15:05: Judge Forwood says he understands that the choice put to him was "unfair" because he had not given him any information, but that as a politician he should have understood the distinction being made.
15:04: Dalli: "I said I wanted 24 hours for legal advice, and he said no, that I had 30 minutes."
15:03: Dalli says that Barroso gave him choice for him to either be fired or submit his resignation. "But I had no facts upon which to make a choice. Barroso purposely chose not to give me the report, he didn't tell me the agenda of the meeting, and he denied me the chance to speak to a legal consultant."
15:01: Dalli: "He wanted me out."
15:01: Dalli says that he was told by Barroso that he had the authority to fire him, or that he could submit his resignation. It was made to him early on in the meeting. "In the meeting he came in with the decision to terminate me. That's how he came into the meeting, with a definite decision that I will be terminated; I did not know the legal implications. The bottom-line for me was that I would finish from the Commission in disgrace, and my integrity trodden upon..."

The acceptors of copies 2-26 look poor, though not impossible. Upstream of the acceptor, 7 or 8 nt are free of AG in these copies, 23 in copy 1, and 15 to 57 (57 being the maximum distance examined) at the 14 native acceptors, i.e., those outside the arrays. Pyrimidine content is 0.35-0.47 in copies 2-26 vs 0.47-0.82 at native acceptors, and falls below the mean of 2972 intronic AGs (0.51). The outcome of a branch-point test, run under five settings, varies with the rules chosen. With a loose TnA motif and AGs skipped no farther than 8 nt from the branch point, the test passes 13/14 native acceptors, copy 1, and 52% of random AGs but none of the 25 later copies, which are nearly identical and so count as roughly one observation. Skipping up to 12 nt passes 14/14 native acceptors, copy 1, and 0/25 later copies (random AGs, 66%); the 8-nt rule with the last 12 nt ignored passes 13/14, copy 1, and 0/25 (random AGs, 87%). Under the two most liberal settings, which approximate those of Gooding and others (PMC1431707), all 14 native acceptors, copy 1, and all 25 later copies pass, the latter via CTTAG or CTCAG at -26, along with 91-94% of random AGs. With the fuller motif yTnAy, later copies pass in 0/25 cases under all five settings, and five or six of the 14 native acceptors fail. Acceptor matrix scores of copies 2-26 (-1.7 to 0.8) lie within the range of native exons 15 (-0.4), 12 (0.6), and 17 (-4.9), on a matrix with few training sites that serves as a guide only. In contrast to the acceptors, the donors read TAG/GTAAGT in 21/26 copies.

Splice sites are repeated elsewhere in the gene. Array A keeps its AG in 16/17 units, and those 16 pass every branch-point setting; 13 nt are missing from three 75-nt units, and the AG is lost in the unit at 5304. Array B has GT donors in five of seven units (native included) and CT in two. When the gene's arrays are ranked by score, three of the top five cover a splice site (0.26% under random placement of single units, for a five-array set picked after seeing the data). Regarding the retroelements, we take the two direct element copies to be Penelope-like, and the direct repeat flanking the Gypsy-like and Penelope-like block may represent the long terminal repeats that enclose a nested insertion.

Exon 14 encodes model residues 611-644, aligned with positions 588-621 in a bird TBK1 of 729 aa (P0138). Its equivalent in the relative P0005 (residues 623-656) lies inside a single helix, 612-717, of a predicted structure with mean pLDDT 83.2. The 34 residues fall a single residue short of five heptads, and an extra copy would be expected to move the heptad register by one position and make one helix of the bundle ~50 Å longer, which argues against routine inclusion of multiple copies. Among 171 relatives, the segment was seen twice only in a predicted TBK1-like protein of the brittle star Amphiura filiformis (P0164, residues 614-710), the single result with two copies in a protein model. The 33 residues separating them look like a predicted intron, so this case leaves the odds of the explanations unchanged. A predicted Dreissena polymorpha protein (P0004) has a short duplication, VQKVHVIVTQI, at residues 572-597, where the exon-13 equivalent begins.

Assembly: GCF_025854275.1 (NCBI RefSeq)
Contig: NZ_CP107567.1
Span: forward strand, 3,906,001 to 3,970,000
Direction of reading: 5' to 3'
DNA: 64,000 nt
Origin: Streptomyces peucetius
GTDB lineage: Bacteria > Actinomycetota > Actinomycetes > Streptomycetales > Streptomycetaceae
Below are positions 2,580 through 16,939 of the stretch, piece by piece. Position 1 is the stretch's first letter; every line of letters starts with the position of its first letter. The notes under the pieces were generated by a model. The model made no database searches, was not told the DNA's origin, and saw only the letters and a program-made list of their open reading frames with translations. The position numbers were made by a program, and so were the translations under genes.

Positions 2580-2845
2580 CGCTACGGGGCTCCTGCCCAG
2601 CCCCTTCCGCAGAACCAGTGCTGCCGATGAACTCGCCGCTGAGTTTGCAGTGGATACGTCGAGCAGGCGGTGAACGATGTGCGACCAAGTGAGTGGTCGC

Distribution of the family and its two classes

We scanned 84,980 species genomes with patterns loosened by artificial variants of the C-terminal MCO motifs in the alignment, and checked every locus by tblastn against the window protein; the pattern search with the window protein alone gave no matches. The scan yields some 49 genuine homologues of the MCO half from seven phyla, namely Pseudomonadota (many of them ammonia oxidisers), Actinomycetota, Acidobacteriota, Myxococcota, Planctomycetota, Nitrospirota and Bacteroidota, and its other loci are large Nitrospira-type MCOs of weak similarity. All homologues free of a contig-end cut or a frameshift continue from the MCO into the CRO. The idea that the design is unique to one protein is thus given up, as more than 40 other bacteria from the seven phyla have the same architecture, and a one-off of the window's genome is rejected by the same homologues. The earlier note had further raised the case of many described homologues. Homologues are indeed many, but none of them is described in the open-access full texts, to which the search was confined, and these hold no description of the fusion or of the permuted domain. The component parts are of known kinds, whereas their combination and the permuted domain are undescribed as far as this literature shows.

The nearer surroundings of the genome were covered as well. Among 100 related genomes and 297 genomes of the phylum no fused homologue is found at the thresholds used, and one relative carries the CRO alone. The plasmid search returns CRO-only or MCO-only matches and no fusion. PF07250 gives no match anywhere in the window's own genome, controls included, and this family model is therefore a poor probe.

14:59: Judge Forwood: Can you explain the choice of two options presented to you?
14:58: The General Court has some questions to make to Dalli now
14:57: Dalli says he went back to his office, called his family first, and then informed his Cabinet that he would no longer be their commissioner. He found a missed call from Lawrence Gonzi, the prime minister, who told him that he had received a call from Barroso. "It was a very short call," Dalli says.
14:56: "I spent in total some 90 minutes, debating that this was a wrong decision. The President kept saying there is no time for debate, time is running out and I have to speak to your prime minister, and that he had issue his statement."
14:55: "At the end, Barroso called his chef de cabinet and the DG legal services, who came in the office, and told them 'He has resigned', but I told them at that point that I was refuting the allegations, that I had asked for the OLAF report, and that I was not given enough time for legal advice, and that the meeting dates set on 11 October for today [16 Oct] for a report that Barroso claimed he knew nothing about."
14:53: Dalli: I would say at this point, if he was a good manager, wouldn't he have preferred to await for the opinion of the OLAF supervisory committee on the way the investigation was carried out. What would five days cost? Why all this speed? These are the questions that come to mind. "The speed was due to the fact that, I was expected to launch the Tobacco Products Directive, which was derailed for the third time."